The issues that you will face in your divorce will largely depend on the life stage you are in. Those with dependent children are often most concerned with child custody agreements. However, those who do not have children and those with adult children are more concerned with asset division, especially if they are approaching retirement.
If you are over 50 and are considering divorce, you should take the time to reflect on your priorities regarding the outcome. The following are some of the issues that are uniquely prevalent for divorce after age 50.
If one spouse has focused much of their lives on raising the children rather than earning an income, they will likely have a limited potential to earn an income in the years before retirement age. It is likely that a divorcing spouse in this position will be entitled to spousal support (also known as maintenance) for a certain amount of time. This will be ordered to be paid by the spouse who was earning a higher portion of income during the marriage. Spousal maintenance can be a highly contested issue for those divorcing after 50.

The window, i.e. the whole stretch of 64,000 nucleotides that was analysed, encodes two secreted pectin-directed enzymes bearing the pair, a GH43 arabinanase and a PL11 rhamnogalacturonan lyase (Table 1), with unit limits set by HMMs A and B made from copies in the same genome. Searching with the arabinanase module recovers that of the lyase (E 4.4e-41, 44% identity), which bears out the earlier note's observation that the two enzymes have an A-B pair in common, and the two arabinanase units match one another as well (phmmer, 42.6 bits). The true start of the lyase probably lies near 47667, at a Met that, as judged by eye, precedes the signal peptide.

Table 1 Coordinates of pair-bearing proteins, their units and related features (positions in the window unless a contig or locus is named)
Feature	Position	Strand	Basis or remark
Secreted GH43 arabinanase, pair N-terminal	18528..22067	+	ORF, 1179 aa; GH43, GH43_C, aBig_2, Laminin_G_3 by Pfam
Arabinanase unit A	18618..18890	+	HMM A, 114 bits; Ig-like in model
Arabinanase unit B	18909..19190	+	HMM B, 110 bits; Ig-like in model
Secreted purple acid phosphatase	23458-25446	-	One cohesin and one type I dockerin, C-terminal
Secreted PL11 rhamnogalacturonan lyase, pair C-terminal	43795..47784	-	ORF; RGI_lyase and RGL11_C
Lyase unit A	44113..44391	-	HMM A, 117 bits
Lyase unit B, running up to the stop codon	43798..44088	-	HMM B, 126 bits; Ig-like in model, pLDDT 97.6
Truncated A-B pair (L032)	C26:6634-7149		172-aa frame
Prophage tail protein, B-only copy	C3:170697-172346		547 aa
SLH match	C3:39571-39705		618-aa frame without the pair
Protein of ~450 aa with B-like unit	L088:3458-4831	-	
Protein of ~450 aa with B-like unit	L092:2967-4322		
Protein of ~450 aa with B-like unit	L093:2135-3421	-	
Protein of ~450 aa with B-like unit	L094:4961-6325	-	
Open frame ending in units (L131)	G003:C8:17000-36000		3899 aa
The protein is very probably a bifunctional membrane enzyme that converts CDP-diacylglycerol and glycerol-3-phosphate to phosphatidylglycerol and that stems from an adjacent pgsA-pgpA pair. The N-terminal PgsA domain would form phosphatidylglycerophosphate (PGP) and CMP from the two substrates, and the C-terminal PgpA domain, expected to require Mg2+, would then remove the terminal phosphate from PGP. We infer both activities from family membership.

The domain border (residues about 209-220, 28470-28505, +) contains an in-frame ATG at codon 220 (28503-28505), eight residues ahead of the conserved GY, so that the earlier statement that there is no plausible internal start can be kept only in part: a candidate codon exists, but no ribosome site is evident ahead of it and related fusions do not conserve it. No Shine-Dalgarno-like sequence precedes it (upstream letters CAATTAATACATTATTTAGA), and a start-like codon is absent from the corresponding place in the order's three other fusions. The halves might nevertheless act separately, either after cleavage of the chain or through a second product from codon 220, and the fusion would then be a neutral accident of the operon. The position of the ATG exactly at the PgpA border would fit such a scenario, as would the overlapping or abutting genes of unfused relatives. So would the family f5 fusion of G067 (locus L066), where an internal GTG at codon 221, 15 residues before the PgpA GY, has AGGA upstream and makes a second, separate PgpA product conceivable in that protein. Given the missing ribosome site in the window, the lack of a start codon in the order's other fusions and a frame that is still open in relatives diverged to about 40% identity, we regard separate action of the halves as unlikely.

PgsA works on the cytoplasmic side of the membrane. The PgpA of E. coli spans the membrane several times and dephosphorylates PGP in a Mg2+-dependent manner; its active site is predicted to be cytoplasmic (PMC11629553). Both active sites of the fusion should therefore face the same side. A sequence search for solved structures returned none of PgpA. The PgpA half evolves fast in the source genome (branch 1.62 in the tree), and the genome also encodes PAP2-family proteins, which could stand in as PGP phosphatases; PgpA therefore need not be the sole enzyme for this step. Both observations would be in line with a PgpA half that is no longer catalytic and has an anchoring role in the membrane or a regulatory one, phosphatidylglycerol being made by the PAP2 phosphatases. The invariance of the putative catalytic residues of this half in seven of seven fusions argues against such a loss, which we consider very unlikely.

Dividing assets in divorce after 50
Older couples are more likely to have acquired significant assets during their lifetime. Therefore, the process of asset division can become more complicated. It may be difficult to determine which assets are marital property and which count as separate property (property that was acquired by one spouse before the marriage was initiated). These issues also have the potential to cause significant disputes.
Divorce could affect your retirement plans
The financial impact of a divorce could lead you to experience a less financially comfortable retirement. It could also mean that you will be forced to access your retirement funds early.
Acting early could be beneficial
Some people delay divorce until they feel it is necessary for their happiness. By delaying action, you may put yourself at a disadvantage. Filing for divorce when approaching retirement could impede your financial freedom. A divorce earlier in your life may result in lower spousal support obligations.
If you are considering divorce in Illinois and you are concerned about how doing so may affect your retirement, it is best to be proactive and review your options with a knowledgeable family law attorney.